- Once you recognize a trigger, find ways to avoid or manage the trigger. For example, your child might become over-stimulated when shopping. If so, break a long shopping trip into shorter trips. Or your child might have meltdowns when common routines are suddenly changed. If so, give your child plenty of warning before a routine changes. If he has a favorite toy or comfort object, let him bring it with him.
During a meltdown:
- Help your child find a safe, quiet place where he can calm down. If it’s a sensory meltdown, eliminate or decrease the trigger. For example, if your child’s triggers are very bright lights and loud noises, take him to a quiet place with dimmed lights.
- Stay with your child during the meltdown. Provide a calm, reassuring presence.
- Don’t talk to your child too much. This can provide additional stimulation, which can prolong the meltdown.
- If your child is having a sensory meltdown, you may not want to touch or hold him. Follow your child’s signals to determine whether he wants to be touched or not. If holding or touching him causes him stress, then just sit quietly near him.
- Above all, don’t punish your child for having a meltdown. He isn’t able to control his behavior during a meltdown.
After a meltdown:
- Later, find ways to talk with your child about feelings and how to manage them. Give him the words to express his feelings. You can also model how to express feelings yourself. When you have a strong feeling (such as fear or nervousness), name your feeling and tell why you feel this way. Then model taking an action to regulate your feeling. For example, say, “I’m feeling a little scared and anxious because everyone is moving so fast. I need to stop and take some deep breaths.”
- If your child has frequent meltdowns, make sure he has a safe, quiet place he can escape to. This can be a play tent filled with blankets and pillows. Or it can be a quiet corner of his room with a bean bag or other soft furniture.
- Many times, meltdowns occur as a natural reaction to our hectic lives. If you suspect this is the case, find ways to slow down. Make time for easy transitions during your child’s day. For example, give your child plenty of time in the morning to get ready before leaving the house. Keep a reasonable daily schedule. Don’t try to pack too much activity into one day.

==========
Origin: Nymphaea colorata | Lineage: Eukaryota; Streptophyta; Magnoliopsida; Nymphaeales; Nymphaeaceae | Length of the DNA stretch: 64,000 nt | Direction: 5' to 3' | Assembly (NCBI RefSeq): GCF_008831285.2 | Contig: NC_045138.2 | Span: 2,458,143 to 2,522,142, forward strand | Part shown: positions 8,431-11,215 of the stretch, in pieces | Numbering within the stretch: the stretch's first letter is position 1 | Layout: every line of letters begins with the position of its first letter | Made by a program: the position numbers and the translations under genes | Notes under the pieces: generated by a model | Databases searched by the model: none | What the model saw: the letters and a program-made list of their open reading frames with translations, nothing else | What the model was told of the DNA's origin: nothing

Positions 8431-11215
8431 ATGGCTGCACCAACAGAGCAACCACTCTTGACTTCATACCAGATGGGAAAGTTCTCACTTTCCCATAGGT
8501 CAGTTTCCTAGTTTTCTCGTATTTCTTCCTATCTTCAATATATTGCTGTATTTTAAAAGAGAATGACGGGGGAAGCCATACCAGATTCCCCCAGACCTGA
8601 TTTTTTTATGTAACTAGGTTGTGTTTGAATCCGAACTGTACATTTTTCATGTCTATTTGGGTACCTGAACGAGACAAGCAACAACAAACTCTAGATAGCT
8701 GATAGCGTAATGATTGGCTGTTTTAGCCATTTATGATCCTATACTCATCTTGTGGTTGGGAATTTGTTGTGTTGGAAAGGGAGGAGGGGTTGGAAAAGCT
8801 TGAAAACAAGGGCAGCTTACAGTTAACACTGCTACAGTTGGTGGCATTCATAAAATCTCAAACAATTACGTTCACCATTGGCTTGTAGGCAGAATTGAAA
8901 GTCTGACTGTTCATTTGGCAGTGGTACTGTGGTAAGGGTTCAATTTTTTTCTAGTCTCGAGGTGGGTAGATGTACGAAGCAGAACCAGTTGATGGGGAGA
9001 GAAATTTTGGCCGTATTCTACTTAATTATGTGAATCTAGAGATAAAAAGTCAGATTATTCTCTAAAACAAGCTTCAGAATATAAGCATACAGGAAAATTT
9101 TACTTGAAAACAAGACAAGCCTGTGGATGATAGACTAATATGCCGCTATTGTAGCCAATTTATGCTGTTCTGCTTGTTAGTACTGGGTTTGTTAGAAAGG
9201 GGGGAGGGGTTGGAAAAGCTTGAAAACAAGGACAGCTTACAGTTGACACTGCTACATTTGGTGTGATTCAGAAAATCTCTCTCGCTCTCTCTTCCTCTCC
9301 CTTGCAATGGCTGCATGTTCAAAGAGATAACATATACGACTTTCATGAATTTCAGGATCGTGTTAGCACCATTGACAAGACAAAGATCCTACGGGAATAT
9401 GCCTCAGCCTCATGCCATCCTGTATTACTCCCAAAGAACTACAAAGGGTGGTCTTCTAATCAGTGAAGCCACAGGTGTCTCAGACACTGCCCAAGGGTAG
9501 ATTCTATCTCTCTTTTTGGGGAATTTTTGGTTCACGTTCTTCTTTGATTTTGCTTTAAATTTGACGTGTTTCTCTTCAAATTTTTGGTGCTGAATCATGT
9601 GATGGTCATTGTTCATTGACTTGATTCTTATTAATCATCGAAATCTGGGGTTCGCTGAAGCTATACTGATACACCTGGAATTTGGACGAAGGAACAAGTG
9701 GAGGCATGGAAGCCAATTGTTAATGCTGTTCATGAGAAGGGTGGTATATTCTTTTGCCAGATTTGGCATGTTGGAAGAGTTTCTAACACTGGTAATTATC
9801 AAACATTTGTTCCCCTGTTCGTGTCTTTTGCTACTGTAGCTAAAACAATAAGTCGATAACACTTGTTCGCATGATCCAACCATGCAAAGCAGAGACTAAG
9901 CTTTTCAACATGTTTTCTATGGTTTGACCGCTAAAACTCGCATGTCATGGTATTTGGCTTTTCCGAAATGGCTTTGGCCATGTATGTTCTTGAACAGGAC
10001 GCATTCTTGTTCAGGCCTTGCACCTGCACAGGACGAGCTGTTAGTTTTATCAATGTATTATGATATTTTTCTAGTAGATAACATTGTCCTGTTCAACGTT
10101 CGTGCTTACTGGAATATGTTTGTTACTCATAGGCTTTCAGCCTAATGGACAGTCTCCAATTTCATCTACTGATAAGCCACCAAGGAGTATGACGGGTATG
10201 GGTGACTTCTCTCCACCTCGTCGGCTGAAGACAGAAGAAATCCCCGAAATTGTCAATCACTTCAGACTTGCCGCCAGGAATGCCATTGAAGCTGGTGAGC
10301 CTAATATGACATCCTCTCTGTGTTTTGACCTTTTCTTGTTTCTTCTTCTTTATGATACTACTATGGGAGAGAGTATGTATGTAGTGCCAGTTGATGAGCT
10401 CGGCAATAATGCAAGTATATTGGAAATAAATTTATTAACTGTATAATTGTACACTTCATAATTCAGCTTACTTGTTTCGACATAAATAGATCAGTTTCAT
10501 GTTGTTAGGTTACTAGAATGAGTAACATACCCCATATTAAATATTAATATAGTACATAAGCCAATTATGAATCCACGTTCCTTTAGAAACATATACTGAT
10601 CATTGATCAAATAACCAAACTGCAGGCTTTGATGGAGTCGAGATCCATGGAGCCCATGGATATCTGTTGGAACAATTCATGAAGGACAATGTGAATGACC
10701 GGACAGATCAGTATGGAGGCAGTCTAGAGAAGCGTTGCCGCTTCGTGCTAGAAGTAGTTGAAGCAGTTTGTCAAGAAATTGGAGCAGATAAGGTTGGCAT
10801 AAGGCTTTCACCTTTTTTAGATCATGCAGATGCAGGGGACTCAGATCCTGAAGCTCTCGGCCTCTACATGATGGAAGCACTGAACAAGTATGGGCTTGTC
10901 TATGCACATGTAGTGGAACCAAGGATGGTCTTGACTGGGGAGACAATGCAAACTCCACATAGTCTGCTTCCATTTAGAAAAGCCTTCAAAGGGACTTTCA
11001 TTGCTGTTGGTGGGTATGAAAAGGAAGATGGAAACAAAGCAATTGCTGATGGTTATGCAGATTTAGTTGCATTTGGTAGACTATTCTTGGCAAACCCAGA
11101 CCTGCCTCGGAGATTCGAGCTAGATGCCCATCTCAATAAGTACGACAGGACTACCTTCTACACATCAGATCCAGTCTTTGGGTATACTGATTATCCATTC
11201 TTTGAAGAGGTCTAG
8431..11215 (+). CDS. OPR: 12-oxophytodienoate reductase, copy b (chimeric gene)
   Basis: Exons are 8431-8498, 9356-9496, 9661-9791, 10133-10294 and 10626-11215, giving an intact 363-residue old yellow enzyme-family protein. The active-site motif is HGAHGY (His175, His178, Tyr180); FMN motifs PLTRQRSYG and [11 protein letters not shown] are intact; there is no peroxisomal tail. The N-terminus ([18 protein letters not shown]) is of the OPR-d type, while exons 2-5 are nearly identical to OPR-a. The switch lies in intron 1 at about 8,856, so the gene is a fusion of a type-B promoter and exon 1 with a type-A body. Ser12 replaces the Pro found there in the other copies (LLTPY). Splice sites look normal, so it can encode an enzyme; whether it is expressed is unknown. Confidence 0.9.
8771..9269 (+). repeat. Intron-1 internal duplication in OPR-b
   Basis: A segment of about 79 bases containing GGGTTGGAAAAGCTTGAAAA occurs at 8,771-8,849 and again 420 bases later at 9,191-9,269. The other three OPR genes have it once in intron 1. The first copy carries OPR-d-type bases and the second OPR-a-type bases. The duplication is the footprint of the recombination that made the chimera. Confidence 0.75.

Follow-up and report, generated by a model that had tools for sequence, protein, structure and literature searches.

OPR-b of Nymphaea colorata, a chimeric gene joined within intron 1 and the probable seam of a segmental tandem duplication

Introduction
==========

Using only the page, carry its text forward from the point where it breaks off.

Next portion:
Give your child the tools to handle emotions
You might notice some similarities between the strategies for how to handle temper tantrums and meltdowns. Both involve regulating emotions, an important social and emotional skill for young children. Learning social and emotional skills—like regulating emotions and controlling your own behavior—are an integral part of the Dilly’s Tree House at-home learning program. Each box includes a special story book that helps your child develop skills like identifying and regulating emotions, sharing, taking turns, and listening.
One way to help your child learn self-control is by talking about feelings. Reading books about feelings is a great way to start. Here are some of our suggestions:
- When Sophie Gets Angry—Really, Really Angry… by Molly Bang
- Sometimes I’m Bombaloo by Rachel Vail
- The Way I Feel by Janan Cain
- The Way I Act by Steve Metzger
- Today I Feel Silly & Other Moods That Make My Day by Jamie Lee Curtis
- In My Heart: A Book of Feelings by Jo Witek
We’ll share more tips on helping your child regulate his emotions in future blogs at Dilly’s Tree House. Be sure to check back often!
When to seek medical help
Sometimes, an undiagnosed medical condition or developmental disorder—such as autism spectrum disorder or sensory processing disorder—can cause frequent tantrums and meltdowns. If you suspect your child might have a developmental disorder or other medical condition, be sure to ask your pediatrician for an assessment. Your child’s doctor can also refer you to a mental health professional specializing in children, such as a behavioral therapist, psychologist, or psychiatrist.
Do you have some additional tips for how to handle temper tantrums and meltdowns? If so, please share them in the Comments section below.